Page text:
Darwin was a product of his time and with his time came the ideas of sexism and racism which were clearly integrated into his theories. There are some facets of Darwin’s theory about the differences in men and women which can be explained by biology but overall, it is clear that his theory is based on the sexist ideas prevalent in the 1800s. Women are expected to be caring, selfless, maternal, and submissive while men are expected to be dominant, aggressive, successful and confident. Most of Darwin’s theory relating to the differences in men and women can be explained by social expectations which have shaped what is acceptable in society.
Recent studies show that women are seen as the emotional sex across cultures (Crawford and Unger). Darwin says, “[w]oman seems to differ from man in mental disposition, chiefly in her greater tenderness and less selfishness; and this holds good even with savages…” (Darwin 234). This is simply an observation of socially imposed standards which Darwin considers evolutionary traits. Darwin’s assumption on mental dispositions leading to differences in male and female attitudes can be explained by the stereotypes instilled within people. Gender stereotypes begin to form in children by age five and are typically completely ingrained by the end of adolescence (Crawford and Unger). Women are expected to be tender and caring for others, as well as submissive. Although none of this is to say that stereotyping is bad, as it is a normal process, it just explains why this is because of social factors and not biological ones.
A study was conducted to see people’s reactions to angry and sad faces of men and women. When these two faces were blended together, as in, the angry woman and sad woman were blended together, as well as the men, people saw sadness more in women’s faces than anger and the opposite for men (Crawford and Unger). This shows stereotypes at work. Another study found that women who were scared during horror movies were more sexually attractive to men, while men who showed no fear were more sexually attractive to women (Crawford and Unger). Granted, this is not necessarily an example that could be applied to Darwin’s time, but the concept of women being scared and men overcoming their fear is still important to understand.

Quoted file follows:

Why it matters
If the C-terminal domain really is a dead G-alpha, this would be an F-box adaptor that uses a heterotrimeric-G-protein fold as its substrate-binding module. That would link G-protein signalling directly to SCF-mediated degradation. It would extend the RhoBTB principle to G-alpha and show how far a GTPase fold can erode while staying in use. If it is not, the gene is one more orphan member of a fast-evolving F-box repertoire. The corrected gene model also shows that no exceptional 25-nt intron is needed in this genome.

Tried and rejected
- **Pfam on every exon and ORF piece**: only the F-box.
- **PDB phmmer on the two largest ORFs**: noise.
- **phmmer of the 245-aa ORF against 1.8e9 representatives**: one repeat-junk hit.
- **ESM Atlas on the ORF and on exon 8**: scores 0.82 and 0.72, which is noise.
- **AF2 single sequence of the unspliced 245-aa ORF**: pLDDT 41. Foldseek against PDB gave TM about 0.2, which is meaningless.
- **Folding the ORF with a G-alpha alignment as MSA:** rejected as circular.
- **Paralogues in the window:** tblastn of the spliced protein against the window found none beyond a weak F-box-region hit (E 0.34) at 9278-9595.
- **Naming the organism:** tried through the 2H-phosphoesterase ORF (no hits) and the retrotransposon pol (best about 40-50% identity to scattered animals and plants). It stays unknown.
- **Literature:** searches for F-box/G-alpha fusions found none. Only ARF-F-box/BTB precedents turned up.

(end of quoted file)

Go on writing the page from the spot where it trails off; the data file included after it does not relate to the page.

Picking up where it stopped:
Psychologist Jean Baker Miller theorized that because women are subordinate in society, they develop to reflect this (Crawford and Unger). So, in order to survive, they must be adaptive to their position. However, this development is carried through social influences rather than biological ones. Women thus become intuitive because they must be aware of behaviors so they can react appropriately. This explains Darwin’s assumption that “[i]t is generally admitted that with woman the powers of intuition, of rapid perception, and perhaps of imitation, are more strongly marked than in man…” (Darwin 234). Although Miller’s theory has been questioned because it does not encompass cultural...